View Full Version : Mercury Spillage at Belfast Airport

26th Apr 2004, 11:48

26th Apr 2004, 15:10
If the mercury got anywhere near the aircraft structure it is going to be expensive and the aircraft might even not be worth repairing.

26th Apr 2004, 16:20
The people taken to hospital ahve been given the all clear, says the BBC site.

Not sure of any damage to a/c though.

Lu Zuckerman
26th Apr 2004, 17:24
How did the mercury get on board the aircraft? Was it in someone’s luggage? If so why wasn't it detected by X-ray examination? If it was shipped as cargo why weren't the freight people warned about the mercury? Who is going to get pilloried for this infraction?

:E :E :confused:

26th Apr 2004, 18:07
As the mercury appears to have been transported on the flight and was discovered on arrival, wonder if the crew got any adverse compass indications during the flight.

I know mercury is a no-no aboard aircraft, but apart from the magnetism issue can one of our chemists here explain what is the problem if it is spilled on the structure. Is it corrosive ? Didn't a Far East operator have a widebody written off some years ago due to such a spillage ?

26th Apr 2004, 18:36
Mercury is a virulent poison that is readily absorbed through the respiratory tract or through unbroken skin. It acts as a cumulative poison since only small amounts of the element can be eliminated at a time. The present accepted threshold limit for Mercury in air is 0.05 mg m-3. (NB. air saturated with mercury vapour at 20°C exceeds the toxic limit by 100 times). High concentration of vapour may cause a metallic taste, nausea, abdominal pain, vomiting, diarrhoea and headache. Chronic effects from continual exposure to small concentrations can cause severe nervous disturbance, insomnia, loss of memory, irritability and depression. Loosening of teeth, dermatitis and kidney damage are possible in severe prolonged absorption.

Mercury can react with ammonia to produce an explosive solid. It can cause severe corrosion problems because of its ease in forming amalgams. Reacts violently with dry Bromine.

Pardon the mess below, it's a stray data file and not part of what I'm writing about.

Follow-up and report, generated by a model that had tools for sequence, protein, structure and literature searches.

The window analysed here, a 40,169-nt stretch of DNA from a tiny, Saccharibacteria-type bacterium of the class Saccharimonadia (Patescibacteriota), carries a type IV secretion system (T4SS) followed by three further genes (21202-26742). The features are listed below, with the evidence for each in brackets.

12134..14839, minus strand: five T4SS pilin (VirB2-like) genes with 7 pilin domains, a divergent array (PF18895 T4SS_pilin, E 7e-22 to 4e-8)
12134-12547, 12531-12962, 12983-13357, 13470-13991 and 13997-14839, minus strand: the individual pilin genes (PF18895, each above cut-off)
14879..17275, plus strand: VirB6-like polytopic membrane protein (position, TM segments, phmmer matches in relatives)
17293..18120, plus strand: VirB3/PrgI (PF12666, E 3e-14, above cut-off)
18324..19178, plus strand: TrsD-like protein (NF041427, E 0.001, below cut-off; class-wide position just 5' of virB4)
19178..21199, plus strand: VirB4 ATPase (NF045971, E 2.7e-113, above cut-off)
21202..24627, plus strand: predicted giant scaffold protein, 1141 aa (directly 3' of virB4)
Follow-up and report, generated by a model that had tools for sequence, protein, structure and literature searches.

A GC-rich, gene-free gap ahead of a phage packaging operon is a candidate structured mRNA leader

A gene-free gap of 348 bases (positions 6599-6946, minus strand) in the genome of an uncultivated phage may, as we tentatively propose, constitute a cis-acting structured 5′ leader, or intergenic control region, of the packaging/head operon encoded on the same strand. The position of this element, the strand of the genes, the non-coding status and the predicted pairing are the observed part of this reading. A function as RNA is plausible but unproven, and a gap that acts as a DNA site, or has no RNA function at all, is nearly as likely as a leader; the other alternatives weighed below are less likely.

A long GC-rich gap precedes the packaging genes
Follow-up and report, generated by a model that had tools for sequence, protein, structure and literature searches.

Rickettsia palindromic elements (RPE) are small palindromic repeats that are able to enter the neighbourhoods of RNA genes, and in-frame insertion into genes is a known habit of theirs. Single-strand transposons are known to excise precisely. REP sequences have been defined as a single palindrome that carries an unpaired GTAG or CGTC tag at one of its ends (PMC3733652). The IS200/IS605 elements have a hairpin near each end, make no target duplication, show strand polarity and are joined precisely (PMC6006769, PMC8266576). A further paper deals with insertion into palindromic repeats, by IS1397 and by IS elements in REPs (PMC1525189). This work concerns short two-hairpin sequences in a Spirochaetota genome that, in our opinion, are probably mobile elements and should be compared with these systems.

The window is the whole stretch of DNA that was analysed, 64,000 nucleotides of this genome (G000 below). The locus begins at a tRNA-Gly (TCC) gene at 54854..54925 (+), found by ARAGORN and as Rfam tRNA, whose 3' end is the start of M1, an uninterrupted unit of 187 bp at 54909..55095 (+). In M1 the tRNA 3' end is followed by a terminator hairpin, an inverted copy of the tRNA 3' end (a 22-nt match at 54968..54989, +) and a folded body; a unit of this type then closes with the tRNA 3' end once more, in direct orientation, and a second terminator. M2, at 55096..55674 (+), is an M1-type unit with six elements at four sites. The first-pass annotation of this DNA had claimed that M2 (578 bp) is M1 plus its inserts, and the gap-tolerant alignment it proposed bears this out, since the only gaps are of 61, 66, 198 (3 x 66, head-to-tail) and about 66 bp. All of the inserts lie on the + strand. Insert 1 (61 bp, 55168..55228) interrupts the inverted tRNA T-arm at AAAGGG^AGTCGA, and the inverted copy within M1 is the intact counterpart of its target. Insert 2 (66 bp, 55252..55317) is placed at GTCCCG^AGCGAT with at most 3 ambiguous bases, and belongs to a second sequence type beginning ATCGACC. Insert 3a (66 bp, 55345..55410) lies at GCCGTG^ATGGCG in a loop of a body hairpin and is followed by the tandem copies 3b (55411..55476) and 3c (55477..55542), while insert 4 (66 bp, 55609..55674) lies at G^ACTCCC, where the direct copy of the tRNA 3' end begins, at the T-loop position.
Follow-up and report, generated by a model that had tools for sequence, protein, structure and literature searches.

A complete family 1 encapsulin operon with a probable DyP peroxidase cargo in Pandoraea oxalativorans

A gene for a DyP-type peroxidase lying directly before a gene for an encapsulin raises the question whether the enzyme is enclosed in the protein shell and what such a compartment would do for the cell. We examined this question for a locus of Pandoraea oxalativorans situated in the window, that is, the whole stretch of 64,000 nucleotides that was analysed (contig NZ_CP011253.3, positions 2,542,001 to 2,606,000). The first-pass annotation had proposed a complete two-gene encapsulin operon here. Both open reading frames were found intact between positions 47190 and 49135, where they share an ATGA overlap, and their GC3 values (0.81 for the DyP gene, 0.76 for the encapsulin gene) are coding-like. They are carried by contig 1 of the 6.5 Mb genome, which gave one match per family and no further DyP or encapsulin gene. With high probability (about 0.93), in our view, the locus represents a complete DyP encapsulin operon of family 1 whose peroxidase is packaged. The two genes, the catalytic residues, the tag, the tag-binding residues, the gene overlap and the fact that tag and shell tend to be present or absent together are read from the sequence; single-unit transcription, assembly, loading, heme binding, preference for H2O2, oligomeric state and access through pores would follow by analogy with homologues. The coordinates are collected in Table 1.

Hatters were "mad" due to the effects of mercury vapours:8

26th Apr 2004, 19:35
Since mercury is a molten metal, many other metals including a/c aluminum dissolve into it.

The fluid will flow into seams and rivet holes and things will start coming loose:uhoh:

26th Apr 2004, 20:07
I always thought it was the glue-sniffing that was supposed to have made them mad?

Never met one though...

Lu Zuckerman
26th Apr 2004, 21:05
When mercury comes in contact with a metal it will form an amalgam which creates a localized hard spot. It alters the stress paths and forms a concentrated stress riser that can lead to cracks and or fractures. It is for this same reason that mercury thermometers can not be used on submarines.

Mercury although no longer in wide uses was used to amalgamate silver when used in tooth fillings. The mercury in combination with silver pellets is placed in a small container, which is placed in a “Wiggle bug” which vibrates the two metals until they are combined. The dentist will place this amalgam in a chamois. The chamois is twisted to remove the mercury and the remaining silver amalgam is put into the tooth. I’m not that smart, my brother is a dentist.

Molten metal????

:E :E

26th Apr 2004, 23:26
It is a metal, in the same group as magnesium, zinc and cadmium. It just happens to be in a molten state and evaporates at normal room temperatures. You can see the highly toxic vapor with UV light. It certainly amalgamates with aircraft alloys.
Where did this stuff come from? It is sealed in some lamp units, tilt switches etc as well as the more visible use in thermometers and barometers.
Was it on a HazMat list? If not, why not.

Lu Zuckerman
27th Apr 2004, 01:00
I'm sorry about my question regarding Mercury being in the molten state. I was thinking about molten equating to high temperature. I soon remembered my high school chemistry where we reduced Mecuric oxide to Mercury and oxygen by applying heat from a Bunsen burner.

I'll now retire to the corner and don my dunce cap.